China set to oppose Biden administration’s electric vehicle strategies at the World Trade Organization

China and EU Challenge U.S.’s New Electric Vehicle Subsidy Policy at WTO; Uncertain Future for Dispute Settlement Process Amid Blocked Appellate Body.

The Chinese Commerce Ministry has filed a complaint against the U.S. with the World Trade Organization, alleging that new U.S. rule on electric vehicle subsidies is discriminatory towards Chinese products. Under this rule, electric car buyers are ineligible for tax credits of $3,750 to $7,500 if critical minerals or battery components were made by Chinese, Russian, North Korean, or Iranian companies. These tax credits are part of President Joe Biden’s climate legislation known as the 2022 Inflation Reduction Act.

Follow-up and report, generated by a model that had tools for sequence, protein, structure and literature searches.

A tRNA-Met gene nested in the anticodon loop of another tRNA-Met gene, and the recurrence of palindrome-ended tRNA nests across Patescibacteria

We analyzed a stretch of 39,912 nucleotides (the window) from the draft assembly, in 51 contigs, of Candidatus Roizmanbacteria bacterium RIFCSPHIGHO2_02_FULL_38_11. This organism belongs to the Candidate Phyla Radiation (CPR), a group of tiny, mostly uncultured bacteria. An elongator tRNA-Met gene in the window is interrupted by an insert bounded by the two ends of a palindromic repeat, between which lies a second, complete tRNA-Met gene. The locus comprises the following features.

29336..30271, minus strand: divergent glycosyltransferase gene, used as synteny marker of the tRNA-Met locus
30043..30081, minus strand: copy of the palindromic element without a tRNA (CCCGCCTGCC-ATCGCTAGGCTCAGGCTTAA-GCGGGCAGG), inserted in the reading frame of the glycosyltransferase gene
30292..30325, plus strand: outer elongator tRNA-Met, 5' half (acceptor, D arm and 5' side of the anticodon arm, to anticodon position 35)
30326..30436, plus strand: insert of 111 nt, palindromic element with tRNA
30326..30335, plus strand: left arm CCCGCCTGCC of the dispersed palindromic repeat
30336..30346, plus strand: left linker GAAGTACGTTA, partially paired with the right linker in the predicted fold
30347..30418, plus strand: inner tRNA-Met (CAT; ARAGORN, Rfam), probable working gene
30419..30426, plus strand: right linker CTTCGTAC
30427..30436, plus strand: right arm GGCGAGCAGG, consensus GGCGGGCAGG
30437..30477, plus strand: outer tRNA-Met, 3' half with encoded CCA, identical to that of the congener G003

The impact of the case is uncertain due to the WTO’s Appellate Body being blocked since late 2019 by the U.S., making it difficult for members to file complaints and seek relief through a dispute settlement process. Despite this, China’s rapidly expanding auto industry has strengths in electric vehicles and battery technology, making it a dominant player in batteries for electric vehicles.

In addition to China’s complaint, the European Union has also launched its own investigation into Chinese subsidies for electric vehicles, concerned about potential threats to its auto industry. The new U.S rule has only made 13 out of over 50 electric vehicles on sale in the U.S eligible for tax credits, a decrease from about two dozen models in 2023. Automakers are working to source parts that would make their models eligible for the credits.

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